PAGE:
Generally speaking, lifting straps make as much sense to me as thumbless pull-ups: they don't. Yeah, I'm aware that there are beginners with weak hands or trainees compromised hands out there. I've been one of those on a rare occasion when I forgot that my thumbs go forwards only and not backwards. Sometimes, there's a need to make things easy on the hands.
Then we see people who we know could use their full grip- but don't. I don't get deprioritization of the grip. Maybe it's a part of the gaps in strength training. There's a gap that exists between the look of being strong and actually being strong. There's another gap where strength is defined by game and strength to finish real work. Two gaps, like the holes in the middle of whatever you're grabbing without your damn thumb! Strength, perceived and demonstrated, comes from the hard shit that we grab and how well we manipulate it when it's in our hands.
Maybe that standpoint has something to do with my heritage. Living in Northern Vermont and having a healthy dose of French-Canadian descent, I've got a great deal of respect for the old-time strongmen of the turn of the 20th century. Quebec was quite the hotbed of that time, producing some very notable strongmen.
The most obvious, big-daddy of all Quebec Strongmen: Louis Cyr!
It kind of makes sense if you live in the area. If you hang out on the east side of Vermont, you'll see logs constantly heading south from Quebec. If you enter Quebec from North-Western Vermont, you'll note that most of the old houses are made out of field stones. Those stones didn't move themselves any more than the trees cut themselves down 130 years ago. It was a harsh land of hard work that made powerful men.
The kind of work that you don't get done with half of a grip!
Were I to pick a favorite French-Canadian strongman of yore, I'd have to go with Arthur Dandurand. If forearm power is your thing, how could you not be impressed with a guy who had 15.5" forearms on a 5'8", 180 lbs frame? Apparently, the guy put them to good use by pushing a wheel borrow with 4300 pounds 23 feet. That's got to be one of the most uniquely insane feats of strength I've ever heard of!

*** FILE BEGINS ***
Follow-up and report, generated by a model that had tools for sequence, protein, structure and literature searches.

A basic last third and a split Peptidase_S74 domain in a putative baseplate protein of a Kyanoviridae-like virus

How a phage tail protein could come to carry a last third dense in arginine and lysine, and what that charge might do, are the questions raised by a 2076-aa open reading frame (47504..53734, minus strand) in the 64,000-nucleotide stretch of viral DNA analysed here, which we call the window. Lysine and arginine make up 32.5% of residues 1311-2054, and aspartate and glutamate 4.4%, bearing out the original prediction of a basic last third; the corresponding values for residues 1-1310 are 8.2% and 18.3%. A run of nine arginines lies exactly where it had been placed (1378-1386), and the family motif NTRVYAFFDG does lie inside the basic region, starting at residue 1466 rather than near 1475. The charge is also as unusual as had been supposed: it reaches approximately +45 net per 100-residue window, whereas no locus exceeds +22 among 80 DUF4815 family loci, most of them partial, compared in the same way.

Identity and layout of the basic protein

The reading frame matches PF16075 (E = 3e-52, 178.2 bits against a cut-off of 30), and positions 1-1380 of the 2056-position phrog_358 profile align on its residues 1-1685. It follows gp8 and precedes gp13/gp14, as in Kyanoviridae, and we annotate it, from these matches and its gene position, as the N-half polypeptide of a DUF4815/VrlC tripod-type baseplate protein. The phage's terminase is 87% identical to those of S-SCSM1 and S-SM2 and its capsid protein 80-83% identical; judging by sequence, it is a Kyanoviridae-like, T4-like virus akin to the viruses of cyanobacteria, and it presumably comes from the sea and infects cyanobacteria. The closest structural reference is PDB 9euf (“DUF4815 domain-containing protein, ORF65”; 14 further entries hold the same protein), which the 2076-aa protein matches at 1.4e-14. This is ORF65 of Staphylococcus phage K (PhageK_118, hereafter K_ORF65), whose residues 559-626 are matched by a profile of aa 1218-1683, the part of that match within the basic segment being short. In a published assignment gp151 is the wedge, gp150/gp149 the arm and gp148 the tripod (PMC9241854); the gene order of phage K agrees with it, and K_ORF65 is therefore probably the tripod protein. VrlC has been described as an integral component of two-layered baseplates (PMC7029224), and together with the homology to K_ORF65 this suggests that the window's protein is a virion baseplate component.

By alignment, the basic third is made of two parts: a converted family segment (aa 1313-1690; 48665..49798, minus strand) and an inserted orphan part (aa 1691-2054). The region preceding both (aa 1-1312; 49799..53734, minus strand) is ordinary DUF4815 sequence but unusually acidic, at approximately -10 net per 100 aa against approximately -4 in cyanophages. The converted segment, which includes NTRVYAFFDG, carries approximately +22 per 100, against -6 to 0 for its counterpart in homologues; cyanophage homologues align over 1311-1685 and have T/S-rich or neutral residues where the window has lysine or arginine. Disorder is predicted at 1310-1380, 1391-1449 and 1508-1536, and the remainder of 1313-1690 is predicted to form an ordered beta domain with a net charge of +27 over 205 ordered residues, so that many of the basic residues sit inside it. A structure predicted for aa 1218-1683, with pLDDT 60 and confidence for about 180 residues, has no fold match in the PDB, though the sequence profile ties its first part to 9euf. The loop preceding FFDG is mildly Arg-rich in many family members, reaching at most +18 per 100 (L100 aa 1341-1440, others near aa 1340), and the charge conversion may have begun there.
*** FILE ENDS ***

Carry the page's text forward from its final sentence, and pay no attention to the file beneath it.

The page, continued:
So, this all means that I'm beginning to morph into something of a grip strength junkie. I consider it an affront to both my reputation as a strong man and my strongmen-laden ancestry to not be. With few exceptions, I look at nearly everything I do and wonder if I can use it to enhance my grip.
Grip training is really the only thing that I do that comes close to isolation exercising. I started using CoC grippers early April, barely able to close a Number 1. Now, I'm within striking distance of closing the Number 2. Getting closer...
I don't consider doing pull-ups unless they are hell on my grip. Thick bars, towels, lifting straps, uneven "ladders", and most especially using my 3" thick rope.
Yes, I haven't forgotten or disregarded my 3" climbing rope.
It's not too uncommon to see lifting straps used for deadlifts. Not only do I not own them, I look for deadlift variations that require more grip work than usual. My latest favorite has been the Steve Reeves style deadlift. More on that later.FYI, I do use my thumb on these.
I'm sure that a few of my readers are new to my blog, finding out about me from Paul Wade's newest book, "Convict Conditioning 2." I still use fingertip push-ups on a regular basis. A week doesn't go by without me adding some 5 finger (one hand, 5 finger) and handstand-fingertip push-ups. To add insult to injury, they're usually super-setted with either rope climbing or pull-ups!
This is where one of the pics in CC2 came from!
Maybe the grip is a limiting factor in doing a lot of moves that we do. Maybe I could deadlift more weight and do more pull-ups if I could try to use less grip. Well, I'm not a powerlifter and there's no pull-up rep count contests. As a freelancer strength trainer, I can do whatever I want to do and I choose to make my hands as close to vices as I possibly can.